Efforts to meddle in the 2021 federal election did not affect the outcome of the vote, a new report based on the work of a panel of senior public servants has determined.
“National security agencies saw attempts at foreign interference, but not enough to have met the threshold of impacting electoral integrity,” Morris Rosenberg, a former deputy minister of foreign affairs, wrote in the report for the federal government.
However, the report recommends that Ottawa consider adjusting the rules for when the public is alerted of foreign interference to account for incidents that might fall below that threshold.
Rosenberg’s findings come more than 10 days after The Globe and Mail reported, based on Canadian Security Intelligence Service documents, that China employed a sophisticated strategy to disrupt Canada’s democracy in the 2021 election campaign.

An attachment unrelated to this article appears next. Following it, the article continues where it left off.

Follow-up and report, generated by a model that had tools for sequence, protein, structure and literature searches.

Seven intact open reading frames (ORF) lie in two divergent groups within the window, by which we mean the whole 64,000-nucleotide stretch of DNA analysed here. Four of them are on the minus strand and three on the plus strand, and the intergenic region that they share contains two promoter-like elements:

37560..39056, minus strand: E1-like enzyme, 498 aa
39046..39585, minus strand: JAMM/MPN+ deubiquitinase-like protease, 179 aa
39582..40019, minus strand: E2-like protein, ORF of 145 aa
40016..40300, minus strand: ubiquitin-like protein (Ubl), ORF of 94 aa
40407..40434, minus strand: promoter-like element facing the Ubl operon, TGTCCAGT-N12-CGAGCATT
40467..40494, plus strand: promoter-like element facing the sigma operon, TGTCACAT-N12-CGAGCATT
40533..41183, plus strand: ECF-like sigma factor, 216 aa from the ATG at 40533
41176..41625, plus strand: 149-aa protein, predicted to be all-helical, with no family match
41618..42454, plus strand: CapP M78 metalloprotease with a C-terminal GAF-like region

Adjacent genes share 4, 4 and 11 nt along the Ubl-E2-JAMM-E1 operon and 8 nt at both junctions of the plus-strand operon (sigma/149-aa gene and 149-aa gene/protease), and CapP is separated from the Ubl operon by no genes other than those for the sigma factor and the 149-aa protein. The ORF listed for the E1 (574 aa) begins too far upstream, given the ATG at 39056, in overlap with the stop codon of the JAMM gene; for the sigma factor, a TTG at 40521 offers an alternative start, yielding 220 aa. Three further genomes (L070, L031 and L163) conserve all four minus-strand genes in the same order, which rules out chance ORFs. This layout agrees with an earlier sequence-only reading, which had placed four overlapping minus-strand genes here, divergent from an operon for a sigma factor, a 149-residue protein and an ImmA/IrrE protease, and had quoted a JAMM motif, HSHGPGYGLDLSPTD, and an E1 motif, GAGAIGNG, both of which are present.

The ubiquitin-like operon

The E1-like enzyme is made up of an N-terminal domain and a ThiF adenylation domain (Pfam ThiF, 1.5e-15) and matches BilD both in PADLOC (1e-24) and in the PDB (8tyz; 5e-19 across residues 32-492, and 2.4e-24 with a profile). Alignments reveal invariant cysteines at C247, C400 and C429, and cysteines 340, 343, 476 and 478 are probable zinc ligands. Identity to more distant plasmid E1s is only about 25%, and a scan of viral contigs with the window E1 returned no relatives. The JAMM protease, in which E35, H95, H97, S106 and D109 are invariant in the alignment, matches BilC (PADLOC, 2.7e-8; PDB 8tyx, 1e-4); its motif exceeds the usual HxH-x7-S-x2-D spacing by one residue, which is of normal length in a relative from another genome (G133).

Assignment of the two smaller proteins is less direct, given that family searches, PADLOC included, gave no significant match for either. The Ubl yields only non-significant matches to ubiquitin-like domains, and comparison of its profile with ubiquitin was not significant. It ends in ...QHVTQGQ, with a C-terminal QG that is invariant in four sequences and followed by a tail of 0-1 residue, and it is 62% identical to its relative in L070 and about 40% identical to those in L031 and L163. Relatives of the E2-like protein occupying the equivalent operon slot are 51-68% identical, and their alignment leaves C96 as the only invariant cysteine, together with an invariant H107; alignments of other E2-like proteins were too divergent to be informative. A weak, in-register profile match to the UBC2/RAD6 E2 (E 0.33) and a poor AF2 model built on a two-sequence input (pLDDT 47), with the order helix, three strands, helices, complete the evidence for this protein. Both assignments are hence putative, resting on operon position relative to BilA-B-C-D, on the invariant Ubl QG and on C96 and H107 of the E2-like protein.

- Andrew Coyne: CSIS is worried about China interfering in our elections, even if the government isn’t
- Alan Bernstein: Canada is incorrectly framing the challenge that China poses
- Chinese donors who funded Trudeau Foundation wanted statue of Mao in Montreal
This is the daily Morning Update newsletter. If you’re reading this on the web, or it was forwarded to you from someone else, you can sign up for Morning Update and more than 20 other Globe newsletters on our newsletter signup page.
Canadian economy stalls to end 2022, but pickup seen in January
The Canadian economy stalled during the final three months of 2022 as businesses pulled back dramatically on inventory orders, but consumers ramped up their spending and economic activity moved higher in January to avert a downturn.
Real gross domestic product did not change in the fourth quarter of last year, Statistics Canada said Tuesday in a report. This zero-per-cent growth fell way short of expectations: Financial analysts had predicted annualized growth of 1.6 per cent, while the Bank of Canada had projected 1.3 per cent.
Economic growth has slowed from annualized rates of 2.3 per cent in the third quarter and 3.6 per cent in the second quarter, coinciding with aggressive rate hikes from the Bank of Canada.